6. Next we head to the Bentonville Square, anchored by an American success story – the first-ever store to bear the Walton name, now the Walmart Museum, visible at right in this photo. Even on a cold, drizzly day, the Bentonville Square is bustling with visitors to the farmers’ market, and restaurants are full. “Look at the diversity of facades,” Smith says. “You’ve got it all here, the American landscape back to classical times,” he adds, pointing out the Corinthian columns on the Massey Hotel and bank. These architectural details bring life to the scene, and the landscape defines the space as well. “There is a lot of horizontal space here,” Smith observes. “Putting large deciduous trees at the edge of the square breaks up that horizontal space, gives a sense of scale, and creates outdoor rooms.”

The group takes a break in a stylish coffee bar.

7. The group takes a welcome coffee break. “If you’ve got Seattle weather, you’ve got to have the Seattle coffee experience,” Rob Sharp says.

Empty downtown with "Welcome to Springdale" sign painted on building.

8. Downtown Springdale provides a stark contrast to the bustle of Bentonville’s square. It was deserted on Saturday afternoon. This success story is still in draft form, but architectural potential and the good will to create a vibrant space are already in place.

Group visits in downtown Springdale.

9. Misty Murphy (right), executive director of the Downtown Springdale Alliance, is leading the charge to transform downtown Springdale. She points to the Greenway hike and bike trail, dedicated on May 2, as a “huge catalyst for cultural shift in Springdale, because it has brought people downtown.” Currently she is leading public hearings and stakeholder meetings to build support for a downtown zoning district that is denser, but admits it’s a challenge to make change. “People are scared of density,” she says. “People grew up with their quarter-acre lots, or grew up in a farming culture with lots of land and lots of privacy. That’s changing – it has to change – because of the growth we’re experiencing.”

Professor and student examine a creek that runs through downtown.

10. This creek, pushed underground for 40 years, has been uncovered to provide a beautiful natural link between the new Walter Turnbow Park, the Mill Street Farmers’ Market and the Shiloh Museum. “This area has really great bones,” Murphy says. “The basics are there to do some great things.”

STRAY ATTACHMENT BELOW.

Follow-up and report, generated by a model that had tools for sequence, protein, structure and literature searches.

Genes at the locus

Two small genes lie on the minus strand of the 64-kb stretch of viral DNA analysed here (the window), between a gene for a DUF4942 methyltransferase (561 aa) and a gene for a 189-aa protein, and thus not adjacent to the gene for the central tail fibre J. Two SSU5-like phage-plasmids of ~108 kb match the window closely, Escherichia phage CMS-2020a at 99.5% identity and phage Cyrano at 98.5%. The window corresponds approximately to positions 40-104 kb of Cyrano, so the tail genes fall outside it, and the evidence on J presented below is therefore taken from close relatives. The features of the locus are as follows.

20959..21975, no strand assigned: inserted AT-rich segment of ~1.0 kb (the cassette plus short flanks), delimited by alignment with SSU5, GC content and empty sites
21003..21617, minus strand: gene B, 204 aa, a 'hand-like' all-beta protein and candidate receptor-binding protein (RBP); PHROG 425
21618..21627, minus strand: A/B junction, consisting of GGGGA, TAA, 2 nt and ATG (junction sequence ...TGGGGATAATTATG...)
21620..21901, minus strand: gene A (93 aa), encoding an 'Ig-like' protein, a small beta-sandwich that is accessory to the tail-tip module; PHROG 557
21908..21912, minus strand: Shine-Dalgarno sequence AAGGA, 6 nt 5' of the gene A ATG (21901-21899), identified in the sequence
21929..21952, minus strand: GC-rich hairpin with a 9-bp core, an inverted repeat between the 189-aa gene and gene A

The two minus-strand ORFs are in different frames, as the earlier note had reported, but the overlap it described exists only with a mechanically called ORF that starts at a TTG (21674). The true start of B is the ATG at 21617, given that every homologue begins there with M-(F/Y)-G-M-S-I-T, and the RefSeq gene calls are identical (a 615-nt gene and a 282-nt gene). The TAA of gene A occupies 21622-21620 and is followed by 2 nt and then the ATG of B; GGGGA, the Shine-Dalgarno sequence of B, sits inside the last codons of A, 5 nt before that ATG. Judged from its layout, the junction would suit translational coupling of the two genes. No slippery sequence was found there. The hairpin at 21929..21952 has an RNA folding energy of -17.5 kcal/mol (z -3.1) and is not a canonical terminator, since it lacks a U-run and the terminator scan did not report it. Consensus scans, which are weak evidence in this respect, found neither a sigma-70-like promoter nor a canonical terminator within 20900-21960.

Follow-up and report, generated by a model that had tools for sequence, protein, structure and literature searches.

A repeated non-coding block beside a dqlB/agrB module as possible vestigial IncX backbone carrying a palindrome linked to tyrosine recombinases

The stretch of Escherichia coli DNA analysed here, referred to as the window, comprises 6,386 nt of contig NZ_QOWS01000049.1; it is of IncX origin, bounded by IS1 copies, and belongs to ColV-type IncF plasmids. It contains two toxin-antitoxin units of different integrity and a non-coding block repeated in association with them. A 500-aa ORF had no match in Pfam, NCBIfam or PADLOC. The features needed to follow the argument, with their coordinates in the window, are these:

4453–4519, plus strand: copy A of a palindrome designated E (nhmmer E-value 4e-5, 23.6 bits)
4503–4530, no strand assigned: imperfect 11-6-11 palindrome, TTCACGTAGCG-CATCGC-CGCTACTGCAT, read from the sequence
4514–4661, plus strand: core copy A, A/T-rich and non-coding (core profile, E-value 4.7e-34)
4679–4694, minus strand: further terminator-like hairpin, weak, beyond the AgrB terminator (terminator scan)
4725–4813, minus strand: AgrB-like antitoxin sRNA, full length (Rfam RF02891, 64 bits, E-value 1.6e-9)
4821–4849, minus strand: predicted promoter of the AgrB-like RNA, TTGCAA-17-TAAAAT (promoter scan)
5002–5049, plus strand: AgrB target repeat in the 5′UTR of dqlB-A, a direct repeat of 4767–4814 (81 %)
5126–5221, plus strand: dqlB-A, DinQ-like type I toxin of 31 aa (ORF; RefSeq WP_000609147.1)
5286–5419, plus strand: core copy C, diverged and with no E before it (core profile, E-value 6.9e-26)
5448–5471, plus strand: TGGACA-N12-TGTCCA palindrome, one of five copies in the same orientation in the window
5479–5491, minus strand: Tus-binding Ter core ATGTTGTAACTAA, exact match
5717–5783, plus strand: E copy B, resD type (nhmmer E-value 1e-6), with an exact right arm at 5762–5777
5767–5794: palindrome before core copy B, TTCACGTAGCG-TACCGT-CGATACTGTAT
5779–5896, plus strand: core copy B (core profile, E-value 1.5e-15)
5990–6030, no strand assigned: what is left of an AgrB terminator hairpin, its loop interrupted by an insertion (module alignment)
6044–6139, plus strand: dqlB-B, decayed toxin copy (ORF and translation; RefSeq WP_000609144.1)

Groups crosses railroad to a more derelict area of downtown.

11. Across the railroad tracks, the sidewalk disappears, and most of the buildings are cheaply built teardowns. But here too there is hope. That white building at left, a former brothel and later, a produce holding station, is now the Fairline Station, a charming venue for weddings, quinceañeras and other celebrations.

Student peers through door into clothing and alterations shop.

12. This little clothing shop does a brisk business. “We have a neighborly, small town feel, with great cultural diversity,” Murphy says. “We’re trying to avoid gentrification at the front end –– now what’s needed is affordable housing downtown.”

Sketched plan for downtown Springdale.

13. Carl Smith dashes off a quick sketch of his ideas for downtown Springdale. “We need to activate the edges of the space, not create more open space,” he says. “Unused urban spaces can be a problem.” Mixed-use buildings, which combine residential and commercial space, and reasonably-priced housing that draws people of all ages downtown are also key.

Group wraps up tour downtown.

14. The tour wraps up with Murphy’s prediction that “we’re looking at five to 10 years to see big things happen.” Polina counts the Springdale tour as one of the highlights of the course: “It’s powerful to me – there are a lot of things that need to happen there, to change it and make it livable. It’s great that there are so many people there who have the energy and vision to make change. I really hope it’s going to happen for Springdale.”

This entry was posted in Fay Jones School of Architecture, Honors Courses, Landscape Architecture. Bookmark the permalink.

Leave a Reply